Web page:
This is the original map of a survey of 200 acres of land in Washington County, Kentucky, for Edward Barber Edwards, my 4th gr-grandfather. Edward was born April 21, 1768, in Maryland, the son of Jonathan Edwards and Sarah Barber. Edward was the eldest son, with seven brothers and sisters: Virginia, Elizabeth, Mary, Jonathan, Rebecca, Joseph and Sarah. The family moved to Loudoun County, Virginia, before 1795.
Edward married Nancy Linton, daughter of Captain John Hancock Linton and Ann Nancy Mason. The couple had eight children, six born in Virginia and two born after the move to Kentucky, in 1816. Susan Clark Edwards, John L., Catherine Kitural, Jonathan Joseph, Benjamin M. and Mary Jane were the older children; Martha L. and Sarah Barber Edwards were born after their move.
Although this document is not dated, it is with another document, another 200 acres for Edward Barber Edwards, surveyed by the same John Pirtle with the date November 20, 1812. I’m sure this document is very close in date.
Survey’d for Edward B. Edwards 200 acres of land, bounded as followeth (to wit) Beginning at a stone corner to Thomas Hagan’s 30 acre tract, then with his line N26.5, W140 perches to a buckeye, dogwood and hickory. Thence with another line of the same S10, W30 poles to an Ironwood hickory and hornbeam on a small branch. Thence down the same as it meanders 30 perches to a white oak and elm on the east side of the Frankfort Road. Thence N6.5, E108 poles to a white oak, Spanish oak and ironwood. Thence S76, E59 perches to a white oak, walnut and blue ash. Thence N59.5, #25 poles to a hickory and dogwood. Thence N12, E96 poles to a hickory and white oak in the original line of Mercer’s 2,000 acre tract. Then with same S57, #44 poles to a stone corner to William Moran’s. Thence with his line S1.25, W190 poles to an elm and sugar tree on a small branch. Thence S22, E152 poles to a beech white oak and walnut on Moses Linton’s line. Then with his line N68, W to the beginning. J. Pirtle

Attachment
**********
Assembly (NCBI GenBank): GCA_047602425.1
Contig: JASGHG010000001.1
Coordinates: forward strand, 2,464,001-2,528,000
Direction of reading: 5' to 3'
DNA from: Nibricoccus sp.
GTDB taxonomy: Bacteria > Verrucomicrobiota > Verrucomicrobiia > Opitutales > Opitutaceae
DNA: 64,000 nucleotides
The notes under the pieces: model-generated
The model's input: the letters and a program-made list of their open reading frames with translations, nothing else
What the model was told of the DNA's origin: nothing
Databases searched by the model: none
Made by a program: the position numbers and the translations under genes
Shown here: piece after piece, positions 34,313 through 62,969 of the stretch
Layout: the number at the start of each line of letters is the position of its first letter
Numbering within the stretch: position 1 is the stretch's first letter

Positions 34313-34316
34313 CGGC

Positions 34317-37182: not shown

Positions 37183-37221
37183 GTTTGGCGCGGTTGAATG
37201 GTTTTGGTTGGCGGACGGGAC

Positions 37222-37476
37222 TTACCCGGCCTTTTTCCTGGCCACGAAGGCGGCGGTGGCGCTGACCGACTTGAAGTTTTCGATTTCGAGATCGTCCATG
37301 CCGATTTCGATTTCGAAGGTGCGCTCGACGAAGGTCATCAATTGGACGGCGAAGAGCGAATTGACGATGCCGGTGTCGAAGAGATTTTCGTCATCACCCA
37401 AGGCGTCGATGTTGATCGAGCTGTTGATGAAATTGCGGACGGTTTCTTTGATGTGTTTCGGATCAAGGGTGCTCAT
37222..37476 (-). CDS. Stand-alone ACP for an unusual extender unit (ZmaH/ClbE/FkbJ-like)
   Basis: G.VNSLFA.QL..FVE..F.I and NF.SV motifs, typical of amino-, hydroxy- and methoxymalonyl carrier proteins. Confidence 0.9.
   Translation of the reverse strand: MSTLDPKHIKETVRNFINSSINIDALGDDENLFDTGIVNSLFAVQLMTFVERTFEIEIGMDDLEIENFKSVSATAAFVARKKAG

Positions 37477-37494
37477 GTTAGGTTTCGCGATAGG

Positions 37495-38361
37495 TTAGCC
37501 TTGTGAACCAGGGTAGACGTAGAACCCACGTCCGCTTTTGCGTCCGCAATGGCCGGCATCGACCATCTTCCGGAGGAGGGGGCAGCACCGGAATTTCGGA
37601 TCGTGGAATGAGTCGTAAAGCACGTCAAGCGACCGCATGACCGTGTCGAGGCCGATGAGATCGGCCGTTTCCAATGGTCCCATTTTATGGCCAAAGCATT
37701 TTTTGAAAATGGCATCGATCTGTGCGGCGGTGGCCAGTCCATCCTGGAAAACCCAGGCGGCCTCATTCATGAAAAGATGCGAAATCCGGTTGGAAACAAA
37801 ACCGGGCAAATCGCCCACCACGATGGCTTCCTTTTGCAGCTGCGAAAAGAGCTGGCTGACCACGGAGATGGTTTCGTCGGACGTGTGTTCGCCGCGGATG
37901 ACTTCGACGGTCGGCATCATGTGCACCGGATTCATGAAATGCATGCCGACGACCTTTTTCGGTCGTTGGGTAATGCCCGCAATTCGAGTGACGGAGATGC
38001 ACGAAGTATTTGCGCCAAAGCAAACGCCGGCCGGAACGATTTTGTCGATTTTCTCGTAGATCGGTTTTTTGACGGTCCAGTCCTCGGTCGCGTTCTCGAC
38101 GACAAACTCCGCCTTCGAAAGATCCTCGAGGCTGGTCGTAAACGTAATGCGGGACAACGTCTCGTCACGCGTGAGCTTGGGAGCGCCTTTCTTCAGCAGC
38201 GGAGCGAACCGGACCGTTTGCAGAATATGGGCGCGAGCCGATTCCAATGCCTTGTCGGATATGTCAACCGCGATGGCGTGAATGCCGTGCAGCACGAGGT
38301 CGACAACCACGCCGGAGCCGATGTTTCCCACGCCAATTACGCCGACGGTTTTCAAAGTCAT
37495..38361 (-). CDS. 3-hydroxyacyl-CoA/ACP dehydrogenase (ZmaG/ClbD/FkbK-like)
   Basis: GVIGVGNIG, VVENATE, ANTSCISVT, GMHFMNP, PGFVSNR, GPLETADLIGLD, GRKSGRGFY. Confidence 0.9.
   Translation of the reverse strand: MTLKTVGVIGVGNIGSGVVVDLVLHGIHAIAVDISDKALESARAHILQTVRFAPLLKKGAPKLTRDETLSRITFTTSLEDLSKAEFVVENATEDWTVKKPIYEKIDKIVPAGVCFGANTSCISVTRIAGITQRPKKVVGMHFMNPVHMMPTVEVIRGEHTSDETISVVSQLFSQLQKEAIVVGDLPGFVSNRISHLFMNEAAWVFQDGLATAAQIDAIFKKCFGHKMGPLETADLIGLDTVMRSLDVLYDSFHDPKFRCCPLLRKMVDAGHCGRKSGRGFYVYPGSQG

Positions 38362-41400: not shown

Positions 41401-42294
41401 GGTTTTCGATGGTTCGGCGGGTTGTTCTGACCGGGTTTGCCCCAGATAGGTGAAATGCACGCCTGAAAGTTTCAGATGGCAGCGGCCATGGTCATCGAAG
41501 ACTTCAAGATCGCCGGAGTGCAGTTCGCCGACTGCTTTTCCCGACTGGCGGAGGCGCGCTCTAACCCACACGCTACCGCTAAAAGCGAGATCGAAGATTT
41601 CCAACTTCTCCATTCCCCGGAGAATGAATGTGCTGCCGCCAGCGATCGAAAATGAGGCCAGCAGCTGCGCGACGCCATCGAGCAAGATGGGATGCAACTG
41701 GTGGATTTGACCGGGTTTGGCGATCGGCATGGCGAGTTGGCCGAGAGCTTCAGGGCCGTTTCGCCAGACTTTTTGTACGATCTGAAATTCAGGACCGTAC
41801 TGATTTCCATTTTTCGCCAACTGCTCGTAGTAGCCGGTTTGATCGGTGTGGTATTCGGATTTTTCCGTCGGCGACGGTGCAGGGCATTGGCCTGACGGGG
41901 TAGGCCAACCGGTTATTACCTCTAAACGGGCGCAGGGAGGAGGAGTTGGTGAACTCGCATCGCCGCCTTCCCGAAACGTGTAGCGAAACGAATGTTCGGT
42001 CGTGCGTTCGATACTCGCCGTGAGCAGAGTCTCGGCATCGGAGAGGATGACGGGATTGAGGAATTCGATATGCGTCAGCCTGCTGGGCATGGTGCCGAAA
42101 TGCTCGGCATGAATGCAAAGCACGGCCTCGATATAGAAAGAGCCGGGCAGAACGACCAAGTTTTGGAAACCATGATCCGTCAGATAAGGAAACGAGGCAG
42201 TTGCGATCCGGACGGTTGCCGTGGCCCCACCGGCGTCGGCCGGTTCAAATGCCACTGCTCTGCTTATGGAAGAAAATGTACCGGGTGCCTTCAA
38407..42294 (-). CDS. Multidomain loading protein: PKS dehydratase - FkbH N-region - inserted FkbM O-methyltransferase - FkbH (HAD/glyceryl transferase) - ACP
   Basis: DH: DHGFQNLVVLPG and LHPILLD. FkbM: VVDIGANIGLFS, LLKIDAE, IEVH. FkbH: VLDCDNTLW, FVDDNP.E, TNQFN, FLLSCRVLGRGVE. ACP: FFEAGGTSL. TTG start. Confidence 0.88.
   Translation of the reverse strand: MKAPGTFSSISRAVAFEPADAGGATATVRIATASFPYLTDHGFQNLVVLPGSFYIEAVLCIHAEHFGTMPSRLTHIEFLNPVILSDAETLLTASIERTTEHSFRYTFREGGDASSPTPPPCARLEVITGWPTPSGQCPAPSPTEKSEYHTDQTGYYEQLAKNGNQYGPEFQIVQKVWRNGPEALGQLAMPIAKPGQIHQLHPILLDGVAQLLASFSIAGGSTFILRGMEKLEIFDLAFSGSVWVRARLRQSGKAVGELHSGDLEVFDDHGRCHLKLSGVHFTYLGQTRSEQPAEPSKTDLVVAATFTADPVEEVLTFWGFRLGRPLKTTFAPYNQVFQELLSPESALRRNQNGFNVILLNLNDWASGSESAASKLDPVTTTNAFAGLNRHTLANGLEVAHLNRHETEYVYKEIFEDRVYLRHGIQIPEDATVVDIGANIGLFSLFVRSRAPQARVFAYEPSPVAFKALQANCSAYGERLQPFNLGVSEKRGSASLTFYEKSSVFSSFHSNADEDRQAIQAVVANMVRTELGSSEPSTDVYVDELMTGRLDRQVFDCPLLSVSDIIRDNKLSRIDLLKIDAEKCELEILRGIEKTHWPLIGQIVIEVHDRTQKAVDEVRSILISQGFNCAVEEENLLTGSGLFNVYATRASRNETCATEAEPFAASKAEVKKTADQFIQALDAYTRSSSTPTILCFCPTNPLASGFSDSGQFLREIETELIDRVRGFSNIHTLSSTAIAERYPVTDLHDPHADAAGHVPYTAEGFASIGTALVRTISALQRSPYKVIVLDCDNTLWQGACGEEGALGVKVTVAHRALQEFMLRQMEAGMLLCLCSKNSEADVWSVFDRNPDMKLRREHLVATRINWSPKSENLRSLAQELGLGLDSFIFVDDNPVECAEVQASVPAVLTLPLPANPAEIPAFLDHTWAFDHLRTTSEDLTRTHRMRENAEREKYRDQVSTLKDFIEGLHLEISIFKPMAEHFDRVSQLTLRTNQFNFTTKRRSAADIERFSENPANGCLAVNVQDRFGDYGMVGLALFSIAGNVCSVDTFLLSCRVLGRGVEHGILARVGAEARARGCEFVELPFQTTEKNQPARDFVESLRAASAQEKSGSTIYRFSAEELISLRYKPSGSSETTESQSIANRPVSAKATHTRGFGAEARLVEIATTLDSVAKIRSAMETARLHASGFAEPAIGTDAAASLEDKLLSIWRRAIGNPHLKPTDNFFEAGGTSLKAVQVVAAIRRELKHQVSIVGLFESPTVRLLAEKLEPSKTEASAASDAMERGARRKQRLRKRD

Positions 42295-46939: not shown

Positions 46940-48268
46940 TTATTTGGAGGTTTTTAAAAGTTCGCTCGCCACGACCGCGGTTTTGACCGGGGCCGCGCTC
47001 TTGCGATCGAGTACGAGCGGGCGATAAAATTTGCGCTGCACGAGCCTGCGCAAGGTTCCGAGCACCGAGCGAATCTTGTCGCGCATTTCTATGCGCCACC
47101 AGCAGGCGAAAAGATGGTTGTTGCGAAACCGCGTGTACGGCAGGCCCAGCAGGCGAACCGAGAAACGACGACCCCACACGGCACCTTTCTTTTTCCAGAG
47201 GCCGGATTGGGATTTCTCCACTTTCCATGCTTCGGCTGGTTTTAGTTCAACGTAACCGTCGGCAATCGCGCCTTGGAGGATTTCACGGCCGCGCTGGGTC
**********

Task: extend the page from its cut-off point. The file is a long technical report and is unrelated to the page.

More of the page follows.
Washington County, Kentucky
The Moses Linton mentioned in the survey, is brother-in-law to Edward Edwards, brother to his wife, Nancy. William Moran is also a brother-in-law, married to Susan Linton. When the survey speaks of the original line of Mercer’s 2,000 acre tract, Charles Fenton Mercer is the man who owned that land, and it was this land that Captain John Hancock Linton purchased June 13, 1818. Captain John arrived in Washington County, Kentucky, November 4, 1818, to begin a new life with his children and grandchildren – at the age of 68. I suppose for a Revolutionary War veteran it wasn’t that hard!
Edward Barber Edwards died in 1824. Nancy lived on until 1861. Three of the eight children never married, living long lives into their 80’s! One sister, Mary Jane, married but had no children. These four helped care for nieces and nephews of various families throughout the years. Susan Clark Edwards is my 3rd gr-grandmother, living only to the age of 39. She married John Cotton Taylor and had four children before her death, probably due to illness after childbirth with daughter Margaret Ann, who was only six months old when her mother died. The old bachelor and spinsters lived on the same land purchased by Edward Barber Edwards in 1812 until the last one died in 1905, the land was then inherited by my great-grandmother, Frances Barber Linton. Most of these people were long ago forgotten by most – but not me! This is why we are genealogists – to search out and remember those who lived before us, and pass their stories down to the next generations, so they will live forever in our memories.